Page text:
Climate-smart agriculture is all the buzz in development circles. It is one of the World Bank’s five key areas for climate action and UN Secretary-General Ban Ki-moon officially endorsed a proposal to establish an Alliance for Climate Smart Agriculture.
Climate-smart agriculture (CSA) really is a good idea. The term refers to approaches to agriculture that tackle the trifecta of improved food security, climate resilience, and greenhouse gas reduction. Agricultural production is responsible for an estimated 13 percent of global greenhouse gas emissions, so reducing emissions from crop and livestock production is critical to slowing climate change. Add to this the challenge of sustaining a population expected to reach 9.6 billion by 2050 and there is no question that it is vitally important to find ways to produce more food and provide economic opportunities for the rural poor without sacrificing the environment.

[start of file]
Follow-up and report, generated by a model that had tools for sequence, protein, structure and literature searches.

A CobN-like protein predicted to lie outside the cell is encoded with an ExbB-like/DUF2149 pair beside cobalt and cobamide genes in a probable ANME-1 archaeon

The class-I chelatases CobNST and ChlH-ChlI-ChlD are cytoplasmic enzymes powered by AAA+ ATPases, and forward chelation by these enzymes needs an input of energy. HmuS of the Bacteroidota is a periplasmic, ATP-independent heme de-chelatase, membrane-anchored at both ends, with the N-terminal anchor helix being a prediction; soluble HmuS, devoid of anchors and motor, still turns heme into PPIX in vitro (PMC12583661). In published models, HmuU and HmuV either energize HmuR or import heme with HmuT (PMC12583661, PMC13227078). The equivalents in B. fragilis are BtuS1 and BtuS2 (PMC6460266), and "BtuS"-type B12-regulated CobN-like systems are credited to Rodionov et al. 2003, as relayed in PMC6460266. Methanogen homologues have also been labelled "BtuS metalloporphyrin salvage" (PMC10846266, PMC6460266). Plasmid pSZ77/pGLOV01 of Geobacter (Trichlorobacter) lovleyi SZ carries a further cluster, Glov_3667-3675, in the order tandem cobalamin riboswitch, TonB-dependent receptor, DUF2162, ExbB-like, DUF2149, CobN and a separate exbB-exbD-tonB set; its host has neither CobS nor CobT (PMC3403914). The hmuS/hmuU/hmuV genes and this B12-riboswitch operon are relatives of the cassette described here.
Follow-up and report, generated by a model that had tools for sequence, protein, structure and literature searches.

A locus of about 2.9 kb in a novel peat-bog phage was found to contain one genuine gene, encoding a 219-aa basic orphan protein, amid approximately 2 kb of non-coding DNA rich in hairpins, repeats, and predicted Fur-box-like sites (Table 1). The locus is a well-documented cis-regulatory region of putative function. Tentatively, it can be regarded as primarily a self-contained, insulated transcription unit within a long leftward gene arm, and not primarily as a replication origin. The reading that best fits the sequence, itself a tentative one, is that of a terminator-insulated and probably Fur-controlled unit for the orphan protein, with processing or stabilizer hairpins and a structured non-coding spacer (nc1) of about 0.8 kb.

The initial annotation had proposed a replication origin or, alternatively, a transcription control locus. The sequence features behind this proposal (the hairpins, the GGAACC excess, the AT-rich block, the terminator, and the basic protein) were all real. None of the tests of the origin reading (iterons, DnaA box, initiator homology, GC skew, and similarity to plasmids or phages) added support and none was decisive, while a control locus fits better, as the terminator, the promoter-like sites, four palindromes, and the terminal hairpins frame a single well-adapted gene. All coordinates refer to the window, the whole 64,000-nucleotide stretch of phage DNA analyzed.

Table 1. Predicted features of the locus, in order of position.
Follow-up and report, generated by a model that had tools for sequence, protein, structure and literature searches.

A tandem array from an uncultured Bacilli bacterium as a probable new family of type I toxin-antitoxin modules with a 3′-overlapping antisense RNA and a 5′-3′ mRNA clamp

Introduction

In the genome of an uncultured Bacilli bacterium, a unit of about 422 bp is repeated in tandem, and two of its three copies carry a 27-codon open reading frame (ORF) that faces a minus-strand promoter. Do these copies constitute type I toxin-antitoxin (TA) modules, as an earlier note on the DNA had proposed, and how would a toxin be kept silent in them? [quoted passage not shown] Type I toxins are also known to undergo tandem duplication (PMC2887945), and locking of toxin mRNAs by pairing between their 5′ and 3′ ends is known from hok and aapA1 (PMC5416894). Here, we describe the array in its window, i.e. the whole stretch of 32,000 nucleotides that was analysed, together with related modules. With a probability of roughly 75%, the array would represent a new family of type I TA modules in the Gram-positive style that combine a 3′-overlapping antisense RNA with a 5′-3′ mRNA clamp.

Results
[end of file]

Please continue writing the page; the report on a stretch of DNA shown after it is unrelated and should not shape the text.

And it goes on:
So how can climate-smart agriculture help to reduce climate change?
Proponents advocate a variety of strategies, including crop management practices that sequester carbon in soils, systems that integrate crop and livestock production, targeted and judicious use of fertilizer, careful breeding and selection of seed varieties, efficient water management techniques, increased crop harvest frequency, appropriate application of micronutrients, and enhanced weather forecasting to inform the selection of planting dates. In the right combinations, these technical improvements can serve the dual purpose of increasing agricultural production while reducing greenhouse gas emissions. Reducing consumption of greenhouse gas-intensive beef production is also promoted as an element of the approach.